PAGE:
UNIDENTIFIED WOMAN: She was tough.
MIKE McCLAUGHRY: Yeah. She was also funny.
UNIDENTIFIED WOMAN: Um-hmm.
MIKE McCLAUGHRY: Um, (laughs) but anyway, she did the meter stuff, right, on these guys. I would sit in the room beside her and I could also ask questions if I wanted to. Um, although this isn't Gang Bang Sec-Check type stuff, you know, I didn't keep people up past all hours, you know, I didn't beat 'em up or anything. Uh, basically our technique for catching people was investigation tech, not the meter. The meter was there to fool him, not that we were relying on it in any way; we didn't care what the meter did. Okay? (laughs) It was just the delusional tactic for him thinking that we--he believed in the meter; we did not. Okay? (laughs)
UNIDENTIFIED WOMAN: Um-hmm.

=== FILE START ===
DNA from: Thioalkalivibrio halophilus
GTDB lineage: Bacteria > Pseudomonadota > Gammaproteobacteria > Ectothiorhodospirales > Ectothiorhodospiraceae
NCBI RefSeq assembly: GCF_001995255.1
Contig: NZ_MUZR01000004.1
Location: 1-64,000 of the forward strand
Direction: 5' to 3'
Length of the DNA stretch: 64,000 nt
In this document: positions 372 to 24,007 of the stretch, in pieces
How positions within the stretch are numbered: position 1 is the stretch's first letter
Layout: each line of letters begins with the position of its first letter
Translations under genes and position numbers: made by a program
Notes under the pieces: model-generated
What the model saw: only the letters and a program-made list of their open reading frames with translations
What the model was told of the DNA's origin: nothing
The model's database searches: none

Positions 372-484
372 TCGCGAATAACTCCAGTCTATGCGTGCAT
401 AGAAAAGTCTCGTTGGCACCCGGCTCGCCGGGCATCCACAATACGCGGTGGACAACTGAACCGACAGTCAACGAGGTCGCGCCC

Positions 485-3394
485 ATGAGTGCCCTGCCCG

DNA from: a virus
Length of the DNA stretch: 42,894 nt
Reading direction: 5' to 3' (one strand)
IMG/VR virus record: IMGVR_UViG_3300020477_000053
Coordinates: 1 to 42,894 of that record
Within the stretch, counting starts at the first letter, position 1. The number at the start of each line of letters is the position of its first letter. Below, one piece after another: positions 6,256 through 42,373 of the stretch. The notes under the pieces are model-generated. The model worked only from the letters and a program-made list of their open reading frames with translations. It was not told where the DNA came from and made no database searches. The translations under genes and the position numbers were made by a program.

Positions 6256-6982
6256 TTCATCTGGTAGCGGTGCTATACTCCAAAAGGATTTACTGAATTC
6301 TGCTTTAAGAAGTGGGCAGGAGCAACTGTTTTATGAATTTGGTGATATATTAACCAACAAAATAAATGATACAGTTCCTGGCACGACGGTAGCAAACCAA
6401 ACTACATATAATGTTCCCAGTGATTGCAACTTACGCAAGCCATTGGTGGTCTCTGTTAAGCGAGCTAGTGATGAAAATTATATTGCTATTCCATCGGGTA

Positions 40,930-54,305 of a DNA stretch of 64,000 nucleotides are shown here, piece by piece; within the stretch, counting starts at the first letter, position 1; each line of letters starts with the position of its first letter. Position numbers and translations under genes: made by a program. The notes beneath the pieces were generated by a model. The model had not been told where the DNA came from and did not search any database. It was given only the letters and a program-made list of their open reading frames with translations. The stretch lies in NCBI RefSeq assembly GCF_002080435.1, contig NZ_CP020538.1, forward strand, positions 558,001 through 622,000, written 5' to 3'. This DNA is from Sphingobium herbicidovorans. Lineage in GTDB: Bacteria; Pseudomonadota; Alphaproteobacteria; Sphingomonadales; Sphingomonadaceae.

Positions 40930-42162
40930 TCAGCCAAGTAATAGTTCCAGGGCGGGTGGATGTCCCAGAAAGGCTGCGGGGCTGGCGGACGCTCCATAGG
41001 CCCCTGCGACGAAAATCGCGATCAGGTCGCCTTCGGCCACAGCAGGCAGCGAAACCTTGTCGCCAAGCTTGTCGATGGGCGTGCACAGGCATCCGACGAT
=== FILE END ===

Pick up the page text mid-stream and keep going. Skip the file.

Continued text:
MIKE McCLAUGHRY: So that's why it was on the meter. Um--
UNIDENTIFIED WOMAN: Hmm.
MIKE McCLAUGHRY: So anyway, I would go down and ask him questions every night for about a week, you know, things that I wanted to know, you know. Did he work for any government agency, blah-blah-blah, stuff like this, right? (clears throat) Uh, we led him to--he, he lied through his teeth, right, to us on every question I asked him. Um, we led him to believe that we believed his answers, right? And, and Connie let him know that, you know, the meter was agreeing with what he was saying.
UNIDENTIFIED WOMAN: Um-hmm.
MIKE McCLAUGHRY: So he felt safe every night that he left our questioning session. And he went back and he'd talk to my spy. And he would brag on all the lies he told and got away with! (laughter) "Those dumb son-of-a, you know, you know what I told 'em tonight? That ain't the truth." And that's how I got the whole story, see. (laughs)
So at the end of the, you know, four or five days of doing this, we sit down to have a, a, um, a meeting with the guy, right? We're--he's not on the meter any more. Uh, we had led him to believe all the way along that he was passing this thing. And he came in just happy as a clam, like a celebration, right? Like we were just gonna write him and say, "You're on the OT Levels", right? That's what he thought was gonna happen.